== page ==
It gives me great pleasure to welcome the new DP-10 to our extensive line of digital voice recorders. You may have noticed we’re doing something a little different with the introduction of this device. Many of our recorders are filled to the brim with the latest technology and options that our users crave. But we understand that not everyone is looking for bells and whistles when it comes to voice recorders. That’s why we’re calling this piece our “micro-cassette successor,” which may seem a little unusual to say in 2010. Let me tell you why it makes sense.

Over the years of digital audio recorder development we’ve noticed a trend. Some folks just refuse to give up their analog recorders. Why? They’re incredibly simple to use and the price is right. And while they’d like to upgrade to digital, ease-of-use, sound quality and price are key to making the transition. The DP-10 was built to make that transition a little easier.

Simple & Easy-To-Use: While most of our recorders are intuitive and easy-to-use, we’ve taken it a step further with the DP-10. You’ll find that we’ve kept the buttons down to a minimum and feature only the necessities (i.e. Play, Stop, and Record). Such simplicity will feel quite natural to micro-cassette users. Users will find the built-in memory as easy to use as swapping out a tape. The new “Calendar Search” function gives users the ability to organize recordings by date and time. There are no folders to navigate on this device.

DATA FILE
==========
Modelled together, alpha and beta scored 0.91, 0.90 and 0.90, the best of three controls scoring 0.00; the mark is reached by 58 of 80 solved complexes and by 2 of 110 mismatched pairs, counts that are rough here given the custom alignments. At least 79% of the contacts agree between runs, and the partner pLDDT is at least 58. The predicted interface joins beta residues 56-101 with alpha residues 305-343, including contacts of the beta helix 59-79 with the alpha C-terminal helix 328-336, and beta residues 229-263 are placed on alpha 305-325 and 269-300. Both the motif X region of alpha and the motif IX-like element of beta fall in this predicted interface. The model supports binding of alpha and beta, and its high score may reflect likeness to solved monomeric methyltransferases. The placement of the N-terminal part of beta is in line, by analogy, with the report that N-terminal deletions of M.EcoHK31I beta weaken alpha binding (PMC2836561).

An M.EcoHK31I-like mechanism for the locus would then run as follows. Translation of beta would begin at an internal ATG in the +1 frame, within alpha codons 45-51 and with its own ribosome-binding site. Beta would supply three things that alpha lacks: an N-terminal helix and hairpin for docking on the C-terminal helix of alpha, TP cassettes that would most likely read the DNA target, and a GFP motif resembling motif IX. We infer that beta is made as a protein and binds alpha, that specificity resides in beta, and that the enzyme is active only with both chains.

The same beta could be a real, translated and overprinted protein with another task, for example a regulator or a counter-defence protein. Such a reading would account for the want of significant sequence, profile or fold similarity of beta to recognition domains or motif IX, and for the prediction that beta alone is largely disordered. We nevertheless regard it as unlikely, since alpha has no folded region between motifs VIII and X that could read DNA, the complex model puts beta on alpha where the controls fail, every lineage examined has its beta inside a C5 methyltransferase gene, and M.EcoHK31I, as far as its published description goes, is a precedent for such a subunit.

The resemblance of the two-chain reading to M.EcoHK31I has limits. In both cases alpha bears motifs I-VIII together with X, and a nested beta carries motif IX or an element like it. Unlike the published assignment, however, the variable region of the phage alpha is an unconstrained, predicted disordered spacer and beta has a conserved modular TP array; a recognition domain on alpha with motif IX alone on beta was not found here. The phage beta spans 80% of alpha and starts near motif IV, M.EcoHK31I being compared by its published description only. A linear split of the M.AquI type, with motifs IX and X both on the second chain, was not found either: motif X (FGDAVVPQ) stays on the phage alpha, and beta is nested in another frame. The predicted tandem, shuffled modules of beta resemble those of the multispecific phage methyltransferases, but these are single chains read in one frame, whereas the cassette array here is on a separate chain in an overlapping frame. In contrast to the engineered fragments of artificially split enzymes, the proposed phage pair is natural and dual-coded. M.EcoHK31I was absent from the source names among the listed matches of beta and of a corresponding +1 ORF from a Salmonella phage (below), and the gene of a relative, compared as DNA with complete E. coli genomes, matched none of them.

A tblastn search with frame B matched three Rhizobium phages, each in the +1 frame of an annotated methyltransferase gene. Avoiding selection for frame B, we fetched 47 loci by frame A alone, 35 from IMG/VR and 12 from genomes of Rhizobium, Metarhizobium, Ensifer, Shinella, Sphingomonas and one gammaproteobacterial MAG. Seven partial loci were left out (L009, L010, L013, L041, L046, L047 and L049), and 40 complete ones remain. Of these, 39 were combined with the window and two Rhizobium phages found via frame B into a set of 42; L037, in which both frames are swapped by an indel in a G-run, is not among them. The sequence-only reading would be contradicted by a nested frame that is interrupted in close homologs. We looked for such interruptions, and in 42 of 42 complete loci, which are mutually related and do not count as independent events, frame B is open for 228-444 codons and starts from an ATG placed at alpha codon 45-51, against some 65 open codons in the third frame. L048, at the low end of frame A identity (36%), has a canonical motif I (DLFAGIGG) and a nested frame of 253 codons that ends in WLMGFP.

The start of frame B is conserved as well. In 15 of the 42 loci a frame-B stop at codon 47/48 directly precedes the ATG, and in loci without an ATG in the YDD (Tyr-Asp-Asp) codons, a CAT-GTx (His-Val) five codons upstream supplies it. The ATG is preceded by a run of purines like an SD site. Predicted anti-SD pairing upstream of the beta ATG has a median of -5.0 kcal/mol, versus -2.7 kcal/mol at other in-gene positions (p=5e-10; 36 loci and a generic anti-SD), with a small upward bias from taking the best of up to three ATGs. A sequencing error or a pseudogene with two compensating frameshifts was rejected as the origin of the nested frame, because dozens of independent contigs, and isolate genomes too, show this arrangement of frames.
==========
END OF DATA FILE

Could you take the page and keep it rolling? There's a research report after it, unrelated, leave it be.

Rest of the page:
Long Life & Great Sound Quality: With only two AAA batteries the DP-10 features 63 hours of battery life and, like all of our digital recorders, the DP-10 records in high-quality WMA format. In LP mode this adds up to 131 hours of recording time.

Simple features and a great price ($34.99) make the DP-10 the perfect transitional recorder for those looking to upgrade from micro-cassette recorders. For more information on the DP-10 check out the full press release here.

We have tech support. Please don’t shoot your digital voice recorder.


While we strive to bring you the best in digital voice recorders, sometimes you may experience hiccups with your device. This is why we provide technical support over the phone or online. If you’re ever having issues with one of our products here are some helpful tools to help you solve your problem.

– Call us Mon-Fri 8:30 am – 7pm EST @ 1-800-622-6372 for live technical support

– email us with questions about your specific recorder using this link

– find FAQs, instruction manuals and software downloads for your specific recorder here

Whether online or on the phone we provide many solutions so you’ll never have to resort to shooting your recorder. Like this guy did.

DM-4 Audio Walkthrough


If you’re considering the new Olympus DM-4 or DM-2, or if you already own one, this audio tour will take you through the ins and outs of the recorders. Pat Furguson from blindcooltech.com has put together a very thorough audio tour covering everything you need to know about the new DM series from box contents to the position of buttons on the recorder to a live functionality tutorial. Many thanks to Pat and the folks at blindcooltech.com for their ongoing support of Olympus audio products and their commitment to improving the lives of the visually impaired with technology.